Programs Teaching Young Athletes To Avoid Steroids Awarded

by admin on October 19, 2022

By Annika Lindorsson Krugel

Mentor International, the coordinating focal point of the Mentor Foundation, has awarded its “Achievement Award” to two Oregon Health and Science University (OHSU) programs for their work in teaching young athletes about healthy alternatives to steroids, sport supplements, alcohol and other drugs.

Mentor International works globally in collaboration with governments, corporations, Non-Governmental-Organizations and others involved in the field of drug prevention. Their “Prevention Awards” help recognize and celebrate the work and achievements of extraordinary drug abuse prevention programs all over the world.

Jeff Lee, Executive Director of the Mentor Foundation said about the awards: “Mentor’s global focus is to identify and share effective and promising practice in prevention and to share this with the international drug prevention community. The awards offer the chance to celebrate and share success in prevention and to collaborate in making the achievements known to others”.

The Achievement Award

The “Achievement Award” is specifically designed to reward projects that work to prevent drug use by children and young people. The awarded Oregon programs, ATLAS and ATHENA, were developed by Linn Goldberg, M.D., and Diane Elliot, M.D. of the OHSU School of Medicine. “We are very honored to receive this award, which will enable us to work with the Mentor International Scientific Advisory Network to pilot ATLAS and ATHENA with young athletes in other countries,” Goldberg said of the award.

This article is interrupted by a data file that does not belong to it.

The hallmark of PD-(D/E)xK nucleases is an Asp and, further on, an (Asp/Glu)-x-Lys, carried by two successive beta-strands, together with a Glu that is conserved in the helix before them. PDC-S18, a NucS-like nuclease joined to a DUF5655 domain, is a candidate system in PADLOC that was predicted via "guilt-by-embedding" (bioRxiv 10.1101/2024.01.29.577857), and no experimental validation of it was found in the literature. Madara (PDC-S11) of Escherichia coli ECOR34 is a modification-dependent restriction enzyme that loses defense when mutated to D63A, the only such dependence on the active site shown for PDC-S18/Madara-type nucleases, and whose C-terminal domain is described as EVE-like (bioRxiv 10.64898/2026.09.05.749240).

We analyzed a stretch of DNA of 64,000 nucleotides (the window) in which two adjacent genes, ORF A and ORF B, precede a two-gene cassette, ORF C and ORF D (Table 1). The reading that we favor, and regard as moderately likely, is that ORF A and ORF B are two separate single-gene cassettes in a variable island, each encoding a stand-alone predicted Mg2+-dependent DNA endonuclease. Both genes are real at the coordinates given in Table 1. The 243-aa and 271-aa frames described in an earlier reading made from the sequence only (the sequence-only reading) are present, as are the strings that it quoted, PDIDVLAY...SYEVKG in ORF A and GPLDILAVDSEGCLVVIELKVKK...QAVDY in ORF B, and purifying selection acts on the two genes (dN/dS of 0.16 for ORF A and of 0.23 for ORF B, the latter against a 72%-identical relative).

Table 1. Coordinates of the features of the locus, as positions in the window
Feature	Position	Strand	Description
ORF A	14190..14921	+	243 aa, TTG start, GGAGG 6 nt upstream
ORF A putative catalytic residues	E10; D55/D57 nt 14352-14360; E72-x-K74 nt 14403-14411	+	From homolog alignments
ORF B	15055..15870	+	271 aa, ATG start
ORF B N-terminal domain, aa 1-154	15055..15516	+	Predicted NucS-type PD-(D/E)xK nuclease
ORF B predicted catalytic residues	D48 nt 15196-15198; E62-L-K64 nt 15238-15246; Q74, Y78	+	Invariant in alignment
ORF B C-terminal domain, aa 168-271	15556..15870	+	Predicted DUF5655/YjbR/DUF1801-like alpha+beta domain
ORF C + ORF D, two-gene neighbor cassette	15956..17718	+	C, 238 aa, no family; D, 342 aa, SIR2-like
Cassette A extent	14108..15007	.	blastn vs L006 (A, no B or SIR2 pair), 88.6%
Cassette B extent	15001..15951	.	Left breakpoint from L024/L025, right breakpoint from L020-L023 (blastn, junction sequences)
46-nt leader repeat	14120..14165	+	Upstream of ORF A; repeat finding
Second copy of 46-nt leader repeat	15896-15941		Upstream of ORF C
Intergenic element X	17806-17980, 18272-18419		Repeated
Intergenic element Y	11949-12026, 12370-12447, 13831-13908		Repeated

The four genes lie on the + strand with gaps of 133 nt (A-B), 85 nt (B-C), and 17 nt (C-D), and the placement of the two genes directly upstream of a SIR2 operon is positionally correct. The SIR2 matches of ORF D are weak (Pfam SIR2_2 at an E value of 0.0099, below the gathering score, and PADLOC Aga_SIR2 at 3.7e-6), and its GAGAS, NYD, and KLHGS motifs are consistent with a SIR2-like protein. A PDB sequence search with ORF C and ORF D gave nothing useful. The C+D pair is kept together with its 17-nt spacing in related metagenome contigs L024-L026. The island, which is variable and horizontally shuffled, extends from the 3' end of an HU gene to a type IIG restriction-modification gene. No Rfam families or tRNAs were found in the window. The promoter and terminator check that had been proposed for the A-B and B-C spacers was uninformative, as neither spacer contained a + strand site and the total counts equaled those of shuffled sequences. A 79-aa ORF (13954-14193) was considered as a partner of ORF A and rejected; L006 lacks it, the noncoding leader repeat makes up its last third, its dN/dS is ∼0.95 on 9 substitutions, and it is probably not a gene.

Elliot added: “Many countries have a significant problem with the rise of performance-enhancing drugs and supplements among their young athletes. It is our hope that we can help reverse this trend with our science-based programs”.

ATLAS: Adolescents Training and Learning to Avoid Steroids

The program was initiated in 1993 with the help of a five-year grant from the National Institute on Drug Abuse (NIDA). It has since developed into the first – and only – program of its kind to be able to prove a reduction among male adolescent athletes’ desire, as well as use of, anabolic steroids, sport supplements, alcohol and other drugs.

ATHENA: Athletes Targeting Healthy Exercise and Nutrition Alternatives

The program was made possible after NIDA provided an additional grant in 1999. Like ATLAS it is the first and only proved program to reduce eating disorders, body-shaping drug use and other health-harming behaviors among female high school athletes.

Teen Steroid Use

Although steroid use in teenagers remains fairly low it is still troubling that many athletes start using them, considering the serious health consequences. A NIDA study from 2009 showed that 2.2 per cent of male 12th graders in the U.S. had ever tried steroids, with the percentage of 8th to 10th graders being 1.3. The number of girls that have ever tried steroids is consistently lower than that of boys; in 2008 the number of 12th grade girls was reportedly 0.6 per cent.


Drug Prevention Programs for Teen Athletes Earn International Acclaim,, Oct 16 2010

About Mentor International, The Mentor Foundation,

NIDA InfoFacts: Steroids (Anabolic-Androgenic), National Institute on Drug Abuse,

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